I have been under the weather for the last week.
When I googled my symptoms and their progression, it was clear that it could be anything from Covid to your run-of-the-mill bug. I’m still exhausted and my body aches. These last few years have taught me the importance of listening to my body and it was begging for rest. So I have spent most of the last week either lying down or wishing that I could lie down.
When I was a kid, my mother would let me hang out on the couch when I was sick and I have long followed this tradition as an adult. This time was different. I craved darkness and the comfort of my soft bed with its warm, heavy blankets. Consequently, each day after work, I commuted from the living room to the bedroom, changed into warm jammies and stayed there for the remainder of the day and night.
Scout was thoroughly confused.
On a normal day, I’m up and moving a lot. At best, I sit in my chair and read or work at my desk but am still upright. I was horizontal about sixteen hours a day for several days in a row and he wasn’t sure what to think.
I didn’t really notice him for the first day or two. Then I looked up one evening and he was sitting on the bathroom counter, peering through the open door and studying me. We made eye contact and he started chattering so I tried to convince him to join me in bed.
Instead, he jumped down from the counter and trotted into the room where he stood next to the bed, complaining loudly before putting his paws up on the mattress to look up at me questioningly. Pretty soon, he hopped down, walked to his armchair and commenced scratching at the side. I yelled at him to stop but he continued while maintaining eye contact. I started to get up and, when my feet hit the floor, he stopped scratching and came toward me.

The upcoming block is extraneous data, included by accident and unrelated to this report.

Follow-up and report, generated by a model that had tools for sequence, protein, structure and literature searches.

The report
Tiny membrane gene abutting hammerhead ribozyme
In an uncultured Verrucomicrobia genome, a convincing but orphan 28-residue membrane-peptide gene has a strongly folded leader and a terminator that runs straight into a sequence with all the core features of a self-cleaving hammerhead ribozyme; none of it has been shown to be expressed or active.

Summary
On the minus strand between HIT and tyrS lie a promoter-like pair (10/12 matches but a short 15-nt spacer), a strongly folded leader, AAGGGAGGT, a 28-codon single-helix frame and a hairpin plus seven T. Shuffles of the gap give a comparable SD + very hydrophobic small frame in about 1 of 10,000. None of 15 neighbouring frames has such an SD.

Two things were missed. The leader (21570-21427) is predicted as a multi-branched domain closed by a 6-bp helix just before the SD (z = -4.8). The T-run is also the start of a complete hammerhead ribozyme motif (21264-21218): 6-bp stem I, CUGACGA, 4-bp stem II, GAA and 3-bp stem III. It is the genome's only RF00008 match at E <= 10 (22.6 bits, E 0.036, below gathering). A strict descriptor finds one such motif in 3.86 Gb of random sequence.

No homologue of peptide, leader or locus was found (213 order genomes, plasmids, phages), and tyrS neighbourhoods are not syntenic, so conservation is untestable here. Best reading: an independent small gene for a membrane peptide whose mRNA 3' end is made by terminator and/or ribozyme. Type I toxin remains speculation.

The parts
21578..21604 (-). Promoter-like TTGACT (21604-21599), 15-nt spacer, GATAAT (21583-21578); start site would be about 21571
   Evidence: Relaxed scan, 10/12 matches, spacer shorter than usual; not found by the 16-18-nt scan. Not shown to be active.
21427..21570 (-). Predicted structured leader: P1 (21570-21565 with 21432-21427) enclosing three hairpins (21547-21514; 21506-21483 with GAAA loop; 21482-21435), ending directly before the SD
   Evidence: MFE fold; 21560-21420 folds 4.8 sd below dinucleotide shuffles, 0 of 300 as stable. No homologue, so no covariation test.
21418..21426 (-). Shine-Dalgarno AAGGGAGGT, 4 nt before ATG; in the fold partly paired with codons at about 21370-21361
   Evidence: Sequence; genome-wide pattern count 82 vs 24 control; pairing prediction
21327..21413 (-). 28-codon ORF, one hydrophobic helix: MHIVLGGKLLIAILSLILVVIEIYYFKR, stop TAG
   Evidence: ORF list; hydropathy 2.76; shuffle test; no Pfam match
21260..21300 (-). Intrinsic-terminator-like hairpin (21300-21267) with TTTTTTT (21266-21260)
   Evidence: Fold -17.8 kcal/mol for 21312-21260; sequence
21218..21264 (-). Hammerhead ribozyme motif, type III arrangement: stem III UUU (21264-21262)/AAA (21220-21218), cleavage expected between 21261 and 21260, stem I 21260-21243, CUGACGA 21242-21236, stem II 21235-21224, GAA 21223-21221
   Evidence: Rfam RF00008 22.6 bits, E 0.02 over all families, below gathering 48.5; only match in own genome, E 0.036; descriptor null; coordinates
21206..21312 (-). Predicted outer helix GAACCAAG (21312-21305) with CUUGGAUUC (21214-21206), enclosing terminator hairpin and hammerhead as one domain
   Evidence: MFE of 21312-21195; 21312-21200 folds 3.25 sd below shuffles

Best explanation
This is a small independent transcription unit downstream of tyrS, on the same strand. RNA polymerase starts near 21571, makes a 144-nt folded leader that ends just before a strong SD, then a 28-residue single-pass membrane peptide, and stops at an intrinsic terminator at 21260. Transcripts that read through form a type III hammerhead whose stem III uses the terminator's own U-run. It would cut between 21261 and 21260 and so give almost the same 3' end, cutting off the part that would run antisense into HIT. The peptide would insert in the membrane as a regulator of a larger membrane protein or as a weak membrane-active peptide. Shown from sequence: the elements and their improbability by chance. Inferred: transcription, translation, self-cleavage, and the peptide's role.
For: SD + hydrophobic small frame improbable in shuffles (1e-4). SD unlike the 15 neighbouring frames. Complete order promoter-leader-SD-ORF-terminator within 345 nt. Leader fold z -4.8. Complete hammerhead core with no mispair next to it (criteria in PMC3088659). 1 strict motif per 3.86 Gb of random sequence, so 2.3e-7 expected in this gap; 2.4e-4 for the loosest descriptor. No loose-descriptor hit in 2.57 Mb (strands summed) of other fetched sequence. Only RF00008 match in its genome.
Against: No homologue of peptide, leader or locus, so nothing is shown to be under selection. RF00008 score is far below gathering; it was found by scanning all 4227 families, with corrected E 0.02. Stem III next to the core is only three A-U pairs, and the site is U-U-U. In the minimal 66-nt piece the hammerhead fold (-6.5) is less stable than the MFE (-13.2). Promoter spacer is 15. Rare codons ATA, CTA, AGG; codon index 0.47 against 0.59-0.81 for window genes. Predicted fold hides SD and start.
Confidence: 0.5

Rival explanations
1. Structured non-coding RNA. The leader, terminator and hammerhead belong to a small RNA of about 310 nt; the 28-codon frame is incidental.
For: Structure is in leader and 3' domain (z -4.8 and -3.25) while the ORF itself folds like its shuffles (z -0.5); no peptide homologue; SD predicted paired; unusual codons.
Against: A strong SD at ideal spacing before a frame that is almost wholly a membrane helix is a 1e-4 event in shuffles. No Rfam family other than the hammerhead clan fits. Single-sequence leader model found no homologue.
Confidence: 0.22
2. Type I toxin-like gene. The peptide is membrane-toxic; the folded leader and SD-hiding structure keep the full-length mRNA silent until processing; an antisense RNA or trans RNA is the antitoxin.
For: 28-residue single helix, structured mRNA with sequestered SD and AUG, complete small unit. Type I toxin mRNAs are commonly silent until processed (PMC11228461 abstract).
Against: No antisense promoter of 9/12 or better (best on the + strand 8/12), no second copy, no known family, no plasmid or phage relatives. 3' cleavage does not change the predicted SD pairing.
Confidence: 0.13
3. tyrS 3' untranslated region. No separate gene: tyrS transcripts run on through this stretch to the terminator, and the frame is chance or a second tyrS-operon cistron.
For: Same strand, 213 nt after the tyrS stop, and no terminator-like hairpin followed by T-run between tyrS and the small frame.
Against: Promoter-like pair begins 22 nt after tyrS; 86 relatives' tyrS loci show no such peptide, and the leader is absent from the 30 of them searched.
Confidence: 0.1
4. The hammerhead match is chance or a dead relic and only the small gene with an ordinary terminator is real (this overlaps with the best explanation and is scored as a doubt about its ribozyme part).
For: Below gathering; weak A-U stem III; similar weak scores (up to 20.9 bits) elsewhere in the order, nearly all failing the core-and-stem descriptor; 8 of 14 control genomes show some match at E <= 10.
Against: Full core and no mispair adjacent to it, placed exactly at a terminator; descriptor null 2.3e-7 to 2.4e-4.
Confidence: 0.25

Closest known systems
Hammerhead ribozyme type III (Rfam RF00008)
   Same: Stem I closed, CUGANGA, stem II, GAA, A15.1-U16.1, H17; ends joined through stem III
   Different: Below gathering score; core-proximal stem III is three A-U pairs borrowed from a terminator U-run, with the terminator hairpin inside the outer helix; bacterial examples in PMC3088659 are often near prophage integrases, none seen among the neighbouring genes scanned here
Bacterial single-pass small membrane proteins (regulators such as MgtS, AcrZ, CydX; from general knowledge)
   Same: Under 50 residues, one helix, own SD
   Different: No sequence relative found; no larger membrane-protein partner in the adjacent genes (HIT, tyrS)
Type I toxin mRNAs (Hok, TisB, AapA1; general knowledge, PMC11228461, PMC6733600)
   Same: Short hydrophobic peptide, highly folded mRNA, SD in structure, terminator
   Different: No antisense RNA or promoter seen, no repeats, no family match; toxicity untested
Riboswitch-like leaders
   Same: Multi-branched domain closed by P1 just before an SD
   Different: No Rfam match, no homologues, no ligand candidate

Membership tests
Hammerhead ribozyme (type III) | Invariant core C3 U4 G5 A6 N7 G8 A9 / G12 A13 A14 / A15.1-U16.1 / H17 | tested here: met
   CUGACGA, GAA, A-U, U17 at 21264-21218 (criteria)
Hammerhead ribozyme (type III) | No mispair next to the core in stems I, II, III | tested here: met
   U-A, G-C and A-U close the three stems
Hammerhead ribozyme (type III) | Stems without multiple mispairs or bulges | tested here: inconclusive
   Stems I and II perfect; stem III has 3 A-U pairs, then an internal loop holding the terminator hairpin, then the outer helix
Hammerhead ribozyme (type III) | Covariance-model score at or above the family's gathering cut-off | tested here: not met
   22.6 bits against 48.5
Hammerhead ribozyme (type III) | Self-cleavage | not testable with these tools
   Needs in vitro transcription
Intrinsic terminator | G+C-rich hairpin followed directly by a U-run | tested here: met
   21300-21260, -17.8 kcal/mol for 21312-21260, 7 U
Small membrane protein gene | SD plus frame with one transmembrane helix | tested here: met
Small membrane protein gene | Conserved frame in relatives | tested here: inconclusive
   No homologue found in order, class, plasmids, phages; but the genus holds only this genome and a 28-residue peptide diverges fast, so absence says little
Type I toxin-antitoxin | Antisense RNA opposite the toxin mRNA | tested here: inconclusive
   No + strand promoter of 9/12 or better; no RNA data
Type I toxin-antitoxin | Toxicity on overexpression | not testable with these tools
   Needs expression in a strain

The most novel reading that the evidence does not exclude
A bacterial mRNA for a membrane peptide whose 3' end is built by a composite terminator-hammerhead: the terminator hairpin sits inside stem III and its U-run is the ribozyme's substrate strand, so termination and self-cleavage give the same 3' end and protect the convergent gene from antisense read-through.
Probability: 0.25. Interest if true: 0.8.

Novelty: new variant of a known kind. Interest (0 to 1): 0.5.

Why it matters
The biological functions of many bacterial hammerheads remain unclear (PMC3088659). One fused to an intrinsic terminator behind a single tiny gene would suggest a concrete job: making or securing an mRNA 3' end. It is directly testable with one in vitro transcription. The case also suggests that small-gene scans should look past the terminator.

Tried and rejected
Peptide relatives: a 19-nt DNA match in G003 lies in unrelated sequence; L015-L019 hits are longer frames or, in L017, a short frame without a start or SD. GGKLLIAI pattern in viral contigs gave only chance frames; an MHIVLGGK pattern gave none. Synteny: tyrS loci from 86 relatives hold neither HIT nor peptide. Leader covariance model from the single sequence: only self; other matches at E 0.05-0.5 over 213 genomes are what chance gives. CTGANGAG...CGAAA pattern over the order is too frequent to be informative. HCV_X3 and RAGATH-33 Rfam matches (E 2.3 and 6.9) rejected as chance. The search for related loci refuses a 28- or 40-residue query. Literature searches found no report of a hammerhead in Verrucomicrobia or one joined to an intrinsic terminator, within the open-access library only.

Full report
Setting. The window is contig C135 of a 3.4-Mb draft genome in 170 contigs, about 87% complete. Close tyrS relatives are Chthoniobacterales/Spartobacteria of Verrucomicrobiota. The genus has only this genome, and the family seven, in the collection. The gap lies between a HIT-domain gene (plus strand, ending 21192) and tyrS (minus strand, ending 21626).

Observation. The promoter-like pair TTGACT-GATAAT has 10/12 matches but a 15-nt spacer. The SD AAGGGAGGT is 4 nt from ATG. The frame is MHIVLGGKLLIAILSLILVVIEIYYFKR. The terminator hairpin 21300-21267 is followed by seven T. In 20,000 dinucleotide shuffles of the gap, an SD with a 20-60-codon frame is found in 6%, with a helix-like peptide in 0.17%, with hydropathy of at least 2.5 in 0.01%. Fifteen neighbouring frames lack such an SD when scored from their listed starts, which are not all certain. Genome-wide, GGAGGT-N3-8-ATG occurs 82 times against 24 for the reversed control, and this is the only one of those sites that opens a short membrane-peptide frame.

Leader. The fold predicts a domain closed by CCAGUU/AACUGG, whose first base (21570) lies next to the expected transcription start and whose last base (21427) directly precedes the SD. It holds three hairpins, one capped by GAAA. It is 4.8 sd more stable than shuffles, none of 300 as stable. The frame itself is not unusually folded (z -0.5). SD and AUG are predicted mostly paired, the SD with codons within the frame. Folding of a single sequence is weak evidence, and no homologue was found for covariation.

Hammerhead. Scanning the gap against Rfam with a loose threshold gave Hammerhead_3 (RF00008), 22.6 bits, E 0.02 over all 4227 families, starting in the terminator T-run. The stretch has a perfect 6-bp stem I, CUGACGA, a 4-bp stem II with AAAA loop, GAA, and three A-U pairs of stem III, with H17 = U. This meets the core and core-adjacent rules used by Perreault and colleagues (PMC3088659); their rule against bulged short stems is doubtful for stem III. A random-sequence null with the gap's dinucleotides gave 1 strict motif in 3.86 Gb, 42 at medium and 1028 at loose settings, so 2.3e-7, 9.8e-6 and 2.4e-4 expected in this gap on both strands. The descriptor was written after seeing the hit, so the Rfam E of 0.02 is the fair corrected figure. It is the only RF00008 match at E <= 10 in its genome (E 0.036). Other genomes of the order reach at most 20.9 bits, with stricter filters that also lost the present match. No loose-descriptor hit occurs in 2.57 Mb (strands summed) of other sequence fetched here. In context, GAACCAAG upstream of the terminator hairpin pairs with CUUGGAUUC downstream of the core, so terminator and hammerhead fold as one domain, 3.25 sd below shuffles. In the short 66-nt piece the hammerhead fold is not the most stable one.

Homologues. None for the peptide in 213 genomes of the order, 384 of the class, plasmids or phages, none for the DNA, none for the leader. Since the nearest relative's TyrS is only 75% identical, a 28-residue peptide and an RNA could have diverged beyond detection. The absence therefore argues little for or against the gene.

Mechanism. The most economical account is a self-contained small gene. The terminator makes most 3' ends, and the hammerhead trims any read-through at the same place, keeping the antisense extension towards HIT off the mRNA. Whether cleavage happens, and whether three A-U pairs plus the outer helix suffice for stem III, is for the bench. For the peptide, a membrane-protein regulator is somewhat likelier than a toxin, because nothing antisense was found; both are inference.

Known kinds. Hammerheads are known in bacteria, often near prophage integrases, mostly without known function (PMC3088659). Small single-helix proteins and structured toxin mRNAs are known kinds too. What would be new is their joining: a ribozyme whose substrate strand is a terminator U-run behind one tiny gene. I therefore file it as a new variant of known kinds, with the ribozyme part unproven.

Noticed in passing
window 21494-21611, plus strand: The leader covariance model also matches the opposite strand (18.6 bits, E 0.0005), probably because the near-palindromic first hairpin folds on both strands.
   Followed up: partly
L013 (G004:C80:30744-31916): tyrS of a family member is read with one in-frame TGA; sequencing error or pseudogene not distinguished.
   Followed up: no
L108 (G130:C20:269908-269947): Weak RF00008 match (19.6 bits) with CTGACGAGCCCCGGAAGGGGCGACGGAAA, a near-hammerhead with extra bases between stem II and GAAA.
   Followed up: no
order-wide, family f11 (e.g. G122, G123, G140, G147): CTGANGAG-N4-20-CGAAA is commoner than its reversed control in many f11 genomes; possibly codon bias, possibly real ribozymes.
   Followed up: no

The expression on his face said “Good. Now that you’re up, let’s go.”
I laid down again and he resumed his scratching. I yelled, he ignored, I got up, and he stopped.
Some variation of this exhausting routine was repeated multiple times last week as he tried to coax me back into the living world. Occasionally he would shake things up by nipping at my feet. Mostly, though, he stayed close and napped with me. Periodically, he would administer a dose of his best medicine – he would curl up around my neck and purr.
Anyone who thinks that animals don’t feel and comprehend is badly misinformed. Anyone who thinks cats are aloof and uncaring has clearly not had a healthy relationship with a cat. It’s true that cats are independent and self sufficient. They don’t need your praise and they don’t require constant attention. But they are delightful little characters who look out for their humans, who are capable of communication if you know how to interpret it, and happy to receive attention on their terms.
My friend Nichola says that cats and toddlers are a lot alike – full of personality and energy but with a limited yet effective vocabulary.
Perhaps it’s because I brought him up from a kitten and have always talked to him like he is a little person that he follows me around better than most dogs would. Honestly, if I ever lose him in the house all I have to do is go to the bathroom and he’s right there. If he doesn’t show up, that usually means I shut him in the closet. The first time this happened, I walked into the bedroom to find two little outstretched paws peeking out from under the door.
It was both hilarious and sad. I felt a little guilty too.
He enjoys being toted around the house. We play toys. He waits for me at the door when I come home. He’s happiest when we’re together and he worries when I leave or when I’m not well.
Last week was miserable. I won’t lie. And honestly, I was a little annoyed at the scratching of the chair thing but his concern for my well being was touching. That sweet little cat did his darndest to help me and he did a nice job. Just call him Dr. Scout!